This article is about a particular function from a subset of the real numbers to the real numbers. Information about the function, including its domain, range, and key data relating to graphing, differentiation, and integration, is presented in the article.
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For functions involving angles (trigonometric functions, inverse trigonometric functions, etc.) we follow the convention that all angles are measured in radians. Thus, for instance, the angle of is measured as .
Recall that the sinc function is defined in terms of the sine function as follows:
|default domain||all real numbers, i.e., all of|
|range|| where .|
absolute maximum value:, absolute minimum value:
|period||none, the function is not periodic|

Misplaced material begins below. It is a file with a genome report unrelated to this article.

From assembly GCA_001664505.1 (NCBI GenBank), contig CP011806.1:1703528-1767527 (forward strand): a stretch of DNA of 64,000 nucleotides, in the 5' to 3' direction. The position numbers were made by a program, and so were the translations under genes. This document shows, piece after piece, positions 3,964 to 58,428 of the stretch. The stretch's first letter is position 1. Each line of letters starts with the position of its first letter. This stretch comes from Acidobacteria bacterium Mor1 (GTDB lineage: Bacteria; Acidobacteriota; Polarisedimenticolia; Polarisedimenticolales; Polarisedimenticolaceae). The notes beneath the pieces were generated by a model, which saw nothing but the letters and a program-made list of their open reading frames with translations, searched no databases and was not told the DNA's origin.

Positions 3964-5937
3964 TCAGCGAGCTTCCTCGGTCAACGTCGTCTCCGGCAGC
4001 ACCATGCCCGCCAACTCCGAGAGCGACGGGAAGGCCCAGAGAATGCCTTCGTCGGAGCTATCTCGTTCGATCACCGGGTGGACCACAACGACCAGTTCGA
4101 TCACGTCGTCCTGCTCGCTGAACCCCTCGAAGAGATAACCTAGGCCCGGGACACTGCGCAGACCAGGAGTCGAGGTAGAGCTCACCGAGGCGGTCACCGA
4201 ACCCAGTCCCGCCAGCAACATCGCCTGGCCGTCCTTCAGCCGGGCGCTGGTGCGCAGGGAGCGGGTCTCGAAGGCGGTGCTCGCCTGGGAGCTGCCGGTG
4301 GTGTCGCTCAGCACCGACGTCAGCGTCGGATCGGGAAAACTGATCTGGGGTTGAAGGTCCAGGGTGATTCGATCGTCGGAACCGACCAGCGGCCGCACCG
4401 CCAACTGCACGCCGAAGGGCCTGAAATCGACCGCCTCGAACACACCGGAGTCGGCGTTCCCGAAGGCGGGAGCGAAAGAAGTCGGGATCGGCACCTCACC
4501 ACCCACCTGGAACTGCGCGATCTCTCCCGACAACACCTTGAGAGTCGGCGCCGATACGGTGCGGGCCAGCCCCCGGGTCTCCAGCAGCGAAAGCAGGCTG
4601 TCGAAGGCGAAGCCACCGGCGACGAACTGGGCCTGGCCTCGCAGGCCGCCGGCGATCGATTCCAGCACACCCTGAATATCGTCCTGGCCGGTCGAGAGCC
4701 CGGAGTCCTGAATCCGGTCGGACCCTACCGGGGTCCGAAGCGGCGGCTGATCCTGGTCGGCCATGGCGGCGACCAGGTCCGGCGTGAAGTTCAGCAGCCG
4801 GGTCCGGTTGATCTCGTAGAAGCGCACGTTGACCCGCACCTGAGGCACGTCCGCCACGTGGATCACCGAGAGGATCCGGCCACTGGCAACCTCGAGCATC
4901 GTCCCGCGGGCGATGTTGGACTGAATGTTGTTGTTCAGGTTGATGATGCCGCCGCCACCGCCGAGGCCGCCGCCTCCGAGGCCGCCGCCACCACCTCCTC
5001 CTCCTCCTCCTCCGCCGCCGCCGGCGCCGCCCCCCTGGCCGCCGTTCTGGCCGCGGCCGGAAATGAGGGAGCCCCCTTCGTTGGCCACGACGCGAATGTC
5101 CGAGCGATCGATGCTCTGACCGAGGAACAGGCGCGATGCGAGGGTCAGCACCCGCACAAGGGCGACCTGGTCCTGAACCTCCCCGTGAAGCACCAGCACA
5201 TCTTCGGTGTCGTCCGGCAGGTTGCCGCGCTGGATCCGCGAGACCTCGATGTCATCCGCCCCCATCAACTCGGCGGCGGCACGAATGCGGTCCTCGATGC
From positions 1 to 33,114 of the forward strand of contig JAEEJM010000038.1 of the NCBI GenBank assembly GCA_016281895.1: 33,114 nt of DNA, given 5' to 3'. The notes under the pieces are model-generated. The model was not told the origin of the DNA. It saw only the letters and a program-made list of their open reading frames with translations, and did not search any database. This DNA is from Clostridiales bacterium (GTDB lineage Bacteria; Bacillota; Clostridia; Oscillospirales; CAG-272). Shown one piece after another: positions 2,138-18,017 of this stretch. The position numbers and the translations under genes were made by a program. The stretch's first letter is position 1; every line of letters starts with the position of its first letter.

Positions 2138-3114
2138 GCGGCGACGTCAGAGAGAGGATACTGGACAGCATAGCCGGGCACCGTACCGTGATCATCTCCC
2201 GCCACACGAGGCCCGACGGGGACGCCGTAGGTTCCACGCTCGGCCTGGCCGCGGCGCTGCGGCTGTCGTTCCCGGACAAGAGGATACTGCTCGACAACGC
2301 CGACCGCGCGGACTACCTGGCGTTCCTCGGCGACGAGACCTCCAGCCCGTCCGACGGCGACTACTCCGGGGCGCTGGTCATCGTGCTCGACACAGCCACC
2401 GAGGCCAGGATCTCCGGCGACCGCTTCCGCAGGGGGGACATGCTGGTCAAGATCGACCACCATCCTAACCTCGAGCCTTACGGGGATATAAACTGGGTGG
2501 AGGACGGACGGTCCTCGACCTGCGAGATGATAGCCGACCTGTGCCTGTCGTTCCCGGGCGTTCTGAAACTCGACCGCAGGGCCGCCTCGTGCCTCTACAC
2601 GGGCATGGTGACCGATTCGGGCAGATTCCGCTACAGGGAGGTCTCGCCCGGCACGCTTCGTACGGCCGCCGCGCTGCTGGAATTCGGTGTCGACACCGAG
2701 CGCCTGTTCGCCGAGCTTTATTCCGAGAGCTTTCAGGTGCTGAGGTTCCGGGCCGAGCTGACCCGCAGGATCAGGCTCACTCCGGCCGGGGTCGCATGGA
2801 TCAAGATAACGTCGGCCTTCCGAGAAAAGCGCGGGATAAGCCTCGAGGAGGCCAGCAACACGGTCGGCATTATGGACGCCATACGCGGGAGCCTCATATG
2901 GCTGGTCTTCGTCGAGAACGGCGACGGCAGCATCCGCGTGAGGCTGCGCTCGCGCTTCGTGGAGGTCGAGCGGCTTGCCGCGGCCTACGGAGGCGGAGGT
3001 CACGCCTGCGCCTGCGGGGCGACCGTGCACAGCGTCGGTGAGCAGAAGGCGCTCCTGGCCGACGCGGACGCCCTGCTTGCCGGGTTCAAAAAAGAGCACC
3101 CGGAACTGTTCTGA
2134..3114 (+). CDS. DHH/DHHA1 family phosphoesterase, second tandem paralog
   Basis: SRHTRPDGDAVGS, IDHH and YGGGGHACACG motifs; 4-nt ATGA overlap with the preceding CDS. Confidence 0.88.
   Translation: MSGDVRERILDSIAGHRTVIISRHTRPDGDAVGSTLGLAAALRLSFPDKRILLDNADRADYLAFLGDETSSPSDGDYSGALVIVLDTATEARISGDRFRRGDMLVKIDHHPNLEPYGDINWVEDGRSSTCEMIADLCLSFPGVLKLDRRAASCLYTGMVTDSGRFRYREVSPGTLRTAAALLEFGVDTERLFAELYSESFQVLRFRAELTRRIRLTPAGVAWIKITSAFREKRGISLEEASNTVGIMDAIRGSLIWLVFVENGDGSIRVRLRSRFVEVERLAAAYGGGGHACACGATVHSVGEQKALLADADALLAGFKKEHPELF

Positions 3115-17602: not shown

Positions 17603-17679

|horizontal asymptotes||as and as .|
|local maximum values and points of attainment||local maximum values are attained at all odd positive integer multiples of and even negative integer multiples of . The values differ at each point.|
|local minimum values and points of attainment||local minimum values are attained at all even positive integer multiples of and odd negative integer multiples of . The values differ at each point.|
|points of inflection||at and at points whose -coordinate is close to an odd multiple of , except near .|
|important symmetries||the function is an odd function|
|second derivative||for , for|
|power series and Taylor series|| . First few terms:|
The first derivative is the sinc function. This follows from the way the sine integral is defined in the first place.
WHAT WE USE: integration by parts
We obtain this using integration by parts as follows. We take as the part to integrate, getting:
This simplifies to the desired answer.